Rosetta scientists confident that Philae lander will reactivate early next year

Chuck Bednar for redOrbit.com – Your Universe Online
Scientists involved with the ESA’s Rosetta mission say there is “no doubt” that the now-dormant Philae lander will wake up, and that it will be “in good shape” once it receives enough sunlight to recharge its depleted battery.
Philae, which fell into ”idle mode” a little over a month ago (but not before confirming the existence of organic molecules on Comet 67P/Churyumov-Gerasimenko), came to rest between two shadowy cliffs that limited the amount of sunlight its solar panels received.
Initially, it was getting just 1.5 hours of sunlight per day, but members of the ESA’s Rosetta team told National Geographic on Wednesday that it was now receiving three times that amount. However, even 4.5 hours of sunlight fall short of the six to seven hours that the agency expected the craft to receive before a rough landing caused it to miss its intended destination.
In comments made during the American Geophysical Union meeting in San Francisco, lead lander scientist Jean-Pierre Bibring of Institut d’Astrophysique Spatiale in Orsay, France said that he was confident that Philae would reactivate once Comet 67P/C-G moved closer to the sun.
“Pessimistically, it will be after Easter; [optimistically], it will be much prior to that,” perhaps as early as February, Bibring said at the event, according to Space.com. “It all depends on how the sun will go over the horizon, the local horizon.”
Part of the uncertainty surrounding the situation is the fact that the mission team is still not completely certain where the probe actually landed. They have user cameras onboard the Rosetta orbiter to search for it, recently completing a three-day survey of the region where Philae is believed to have landed, but have yet to pinpoint where it finally came to rest on the comet.
The extreme cold on the comet’s surface should not be an issue for the lander, as Philae and its suite of 10 instruments were designed to function in such frigid conditions, Bibring said. The primary concern is that some of its electronics have been damaged, but the lead lander scientist said that he is optimistic since it proved capable of surviving a 10-year voyage through space.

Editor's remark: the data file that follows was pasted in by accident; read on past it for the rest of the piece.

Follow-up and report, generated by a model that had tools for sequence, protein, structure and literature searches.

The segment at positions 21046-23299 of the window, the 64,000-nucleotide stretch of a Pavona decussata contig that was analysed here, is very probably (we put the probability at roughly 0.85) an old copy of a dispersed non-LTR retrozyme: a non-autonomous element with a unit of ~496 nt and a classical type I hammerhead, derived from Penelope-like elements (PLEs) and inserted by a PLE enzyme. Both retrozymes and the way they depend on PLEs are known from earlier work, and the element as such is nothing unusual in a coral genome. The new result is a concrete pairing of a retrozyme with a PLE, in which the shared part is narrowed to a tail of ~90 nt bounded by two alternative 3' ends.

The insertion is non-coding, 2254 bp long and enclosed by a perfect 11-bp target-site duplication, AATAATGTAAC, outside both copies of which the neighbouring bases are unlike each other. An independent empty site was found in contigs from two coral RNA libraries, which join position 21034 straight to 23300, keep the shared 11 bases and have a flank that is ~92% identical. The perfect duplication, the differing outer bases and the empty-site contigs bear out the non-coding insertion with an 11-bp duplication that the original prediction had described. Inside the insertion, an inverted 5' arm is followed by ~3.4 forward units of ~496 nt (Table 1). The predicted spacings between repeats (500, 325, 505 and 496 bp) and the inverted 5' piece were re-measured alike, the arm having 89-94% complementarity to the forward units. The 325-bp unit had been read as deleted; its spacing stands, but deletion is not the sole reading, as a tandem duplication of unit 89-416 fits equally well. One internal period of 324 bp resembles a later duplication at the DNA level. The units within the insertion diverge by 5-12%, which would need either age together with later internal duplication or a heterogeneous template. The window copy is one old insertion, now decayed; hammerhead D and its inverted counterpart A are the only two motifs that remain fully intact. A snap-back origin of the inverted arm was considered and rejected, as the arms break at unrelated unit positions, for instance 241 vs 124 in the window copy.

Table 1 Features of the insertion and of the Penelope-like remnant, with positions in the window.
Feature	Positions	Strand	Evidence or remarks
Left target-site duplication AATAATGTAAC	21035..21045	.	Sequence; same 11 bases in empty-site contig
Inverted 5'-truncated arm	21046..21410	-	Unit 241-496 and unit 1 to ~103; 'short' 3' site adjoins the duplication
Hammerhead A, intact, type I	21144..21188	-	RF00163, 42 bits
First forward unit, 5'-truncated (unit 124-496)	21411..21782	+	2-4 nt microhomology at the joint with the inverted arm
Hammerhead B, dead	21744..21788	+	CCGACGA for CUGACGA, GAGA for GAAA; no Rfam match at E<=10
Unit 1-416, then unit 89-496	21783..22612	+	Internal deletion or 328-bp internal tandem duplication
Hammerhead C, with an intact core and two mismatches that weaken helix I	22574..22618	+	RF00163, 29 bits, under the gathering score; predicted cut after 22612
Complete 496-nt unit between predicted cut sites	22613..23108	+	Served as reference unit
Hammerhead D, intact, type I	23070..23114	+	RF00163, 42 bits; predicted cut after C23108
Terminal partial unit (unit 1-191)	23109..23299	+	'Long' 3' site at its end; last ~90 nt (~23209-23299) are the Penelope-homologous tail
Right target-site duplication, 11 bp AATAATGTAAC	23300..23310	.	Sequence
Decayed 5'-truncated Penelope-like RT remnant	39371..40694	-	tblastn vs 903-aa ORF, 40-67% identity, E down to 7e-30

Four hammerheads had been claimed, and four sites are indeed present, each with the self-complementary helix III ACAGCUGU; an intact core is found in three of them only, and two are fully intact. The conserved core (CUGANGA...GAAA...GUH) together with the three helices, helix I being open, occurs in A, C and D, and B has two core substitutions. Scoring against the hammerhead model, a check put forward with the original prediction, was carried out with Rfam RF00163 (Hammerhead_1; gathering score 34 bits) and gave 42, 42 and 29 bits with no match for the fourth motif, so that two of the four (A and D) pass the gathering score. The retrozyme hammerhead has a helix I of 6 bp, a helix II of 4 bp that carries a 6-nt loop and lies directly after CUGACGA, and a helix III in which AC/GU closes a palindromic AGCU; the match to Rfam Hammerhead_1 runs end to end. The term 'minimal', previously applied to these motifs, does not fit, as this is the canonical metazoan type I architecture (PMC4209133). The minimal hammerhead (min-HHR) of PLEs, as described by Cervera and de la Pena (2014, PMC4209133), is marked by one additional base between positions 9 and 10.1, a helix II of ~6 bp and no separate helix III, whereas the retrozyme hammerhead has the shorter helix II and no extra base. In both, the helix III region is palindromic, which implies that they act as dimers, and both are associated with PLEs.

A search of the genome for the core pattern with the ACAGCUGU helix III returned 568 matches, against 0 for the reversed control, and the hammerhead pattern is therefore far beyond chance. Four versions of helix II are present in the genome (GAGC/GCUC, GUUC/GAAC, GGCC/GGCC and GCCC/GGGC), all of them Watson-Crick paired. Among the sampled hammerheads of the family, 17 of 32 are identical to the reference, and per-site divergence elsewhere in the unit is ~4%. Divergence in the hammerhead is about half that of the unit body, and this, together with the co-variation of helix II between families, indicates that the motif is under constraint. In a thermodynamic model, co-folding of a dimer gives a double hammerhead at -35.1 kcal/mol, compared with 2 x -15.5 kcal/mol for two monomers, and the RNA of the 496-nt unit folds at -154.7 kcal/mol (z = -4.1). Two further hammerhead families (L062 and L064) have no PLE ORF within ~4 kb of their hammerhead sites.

Philae, which bounced twice before finally settling down on the surface of Comet 67P/C-G, might have accidentally wound up in a fortuitous setting for scientific research, Bibring noted. It came to rest in an ice-covered terrain that is “loaded with organics,” he explained, and the project’s science team is eager to conduct lengthy investigations of the surrounding environment.
Prior to falling silent in mid-November, Philae was able to transmit all of the science data it had collected to date, as well as black-and-white photos it had captured after it had come to rest. Its mothership, Rosetta, is scheduled to travel with the comet through the end of 2015, remaining in orbit and collecting data as 67P/C-G approaches the sun, the moves further out into deep space.
However, Space.com reported that team members are considering the possibility of extending Rosetta’s mission into 2016. Furthermore, project scientist Matt Taylor said that he and his colleagues would prefer to land the orbiter on the comet once it exhausts its fuel supply. He told the website that it “appears to be more compelling to do this spiraling in.”
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